The Uniform Partition of Heirs Property Act (UPHPA) helps preserve family wealth passed to the next generation in the form of real property.
Affluent families can engage in sophisticated estate planning to ensure generational wealth, but those with smaller estates are more likely to use a simple will or to die intestate. For many lower- and middle-income families, the majority of the estate consists of real property. If the landowner dies intestate, the real estate passes to the landowner’s heirs as tenants-in-common under state law.
Tenants-in-common are vulnerable because any individual tenant can force a partition. Too often, real estate speculators acquire a small share of heirs’ property in order to file a partition action and force a sale. Using this tactic, an investor can acquire the entire parcel for a price well below its fair market value and deplete a family’s inherited wealth in the process.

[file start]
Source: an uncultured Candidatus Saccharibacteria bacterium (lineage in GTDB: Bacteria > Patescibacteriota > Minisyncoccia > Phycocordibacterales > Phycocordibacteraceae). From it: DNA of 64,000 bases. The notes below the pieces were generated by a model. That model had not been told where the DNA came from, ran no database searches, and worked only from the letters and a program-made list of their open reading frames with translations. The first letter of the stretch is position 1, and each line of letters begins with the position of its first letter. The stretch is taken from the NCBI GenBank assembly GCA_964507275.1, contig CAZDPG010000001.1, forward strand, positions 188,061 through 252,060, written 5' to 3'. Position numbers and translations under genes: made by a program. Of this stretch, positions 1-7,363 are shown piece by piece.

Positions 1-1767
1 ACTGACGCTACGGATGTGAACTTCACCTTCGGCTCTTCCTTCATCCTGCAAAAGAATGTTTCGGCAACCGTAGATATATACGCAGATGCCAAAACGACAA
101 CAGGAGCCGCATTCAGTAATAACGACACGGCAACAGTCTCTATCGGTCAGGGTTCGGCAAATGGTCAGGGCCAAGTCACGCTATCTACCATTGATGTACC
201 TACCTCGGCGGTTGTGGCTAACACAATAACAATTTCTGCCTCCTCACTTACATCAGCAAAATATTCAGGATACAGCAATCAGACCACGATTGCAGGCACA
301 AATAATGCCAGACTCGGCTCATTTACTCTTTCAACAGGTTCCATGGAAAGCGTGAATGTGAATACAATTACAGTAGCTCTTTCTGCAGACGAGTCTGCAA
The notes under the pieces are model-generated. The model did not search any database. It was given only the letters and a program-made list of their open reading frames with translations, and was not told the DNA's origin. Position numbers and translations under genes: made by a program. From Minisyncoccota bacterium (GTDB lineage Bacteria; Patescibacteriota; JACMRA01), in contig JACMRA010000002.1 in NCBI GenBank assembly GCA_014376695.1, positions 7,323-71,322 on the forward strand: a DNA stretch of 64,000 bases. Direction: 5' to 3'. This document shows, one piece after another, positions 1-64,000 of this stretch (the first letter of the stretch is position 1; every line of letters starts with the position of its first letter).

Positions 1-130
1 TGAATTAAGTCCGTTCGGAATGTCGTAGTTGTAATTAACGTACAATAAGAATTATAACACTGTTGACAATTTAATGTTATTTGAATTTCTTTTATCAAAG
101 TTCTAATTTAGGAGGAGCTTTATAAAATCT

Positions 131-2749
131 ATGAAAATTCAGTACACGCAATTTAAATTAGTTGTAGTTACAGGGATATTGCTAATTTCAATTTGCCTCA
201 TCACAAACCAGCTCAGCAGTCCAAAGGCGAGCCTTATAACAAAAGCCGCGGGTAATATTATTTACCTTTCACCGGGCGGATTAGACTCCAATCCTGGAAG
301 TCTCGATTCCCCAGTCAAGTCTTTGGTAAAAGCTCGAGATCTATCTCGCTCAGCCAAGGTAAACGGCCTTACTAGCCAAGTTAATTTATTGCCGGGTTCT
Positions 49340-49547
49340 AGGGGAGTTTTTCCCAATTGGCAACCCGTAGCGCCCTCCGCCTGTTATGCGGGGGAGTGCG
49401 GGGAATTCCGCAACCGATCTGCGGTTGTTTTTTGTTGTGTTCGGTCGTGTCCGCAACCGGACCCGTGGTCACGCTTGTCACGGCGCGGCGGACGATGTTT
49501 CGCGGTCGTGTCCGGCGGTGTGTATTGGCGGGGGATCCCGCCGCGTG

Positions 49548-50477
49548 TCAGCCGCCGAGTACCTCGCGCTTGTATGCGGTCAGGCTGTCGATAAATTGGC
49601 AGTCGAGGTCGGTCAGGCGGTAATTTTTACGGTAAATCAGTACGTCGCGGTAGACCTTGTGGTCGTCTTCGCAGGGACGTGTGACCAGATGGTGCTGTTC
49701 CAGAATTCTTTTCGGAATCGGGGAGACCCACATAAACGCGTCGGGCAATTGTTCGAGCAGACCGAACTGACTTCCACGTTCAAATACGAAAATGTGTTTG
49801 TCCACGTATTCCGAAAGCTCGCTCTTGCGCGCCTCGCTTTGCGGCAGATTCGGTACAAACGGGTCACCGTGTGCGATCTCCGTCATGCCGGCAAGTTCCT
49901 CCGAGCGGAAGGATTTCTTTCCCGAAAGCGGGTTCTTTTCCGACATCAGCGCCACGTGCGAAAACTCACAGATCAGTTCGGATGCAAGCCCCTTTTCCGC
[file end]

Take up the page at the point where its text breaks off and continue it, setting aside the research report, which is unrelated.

UPHPA provides a series of simple due process protections: notice, appraisal, right of first refusal, and if the other co-tenants choose not to exercise their right and a sale is required, a commercially reasonable sale supervised by the court to ensure all parties receive their fair share of the proceeds.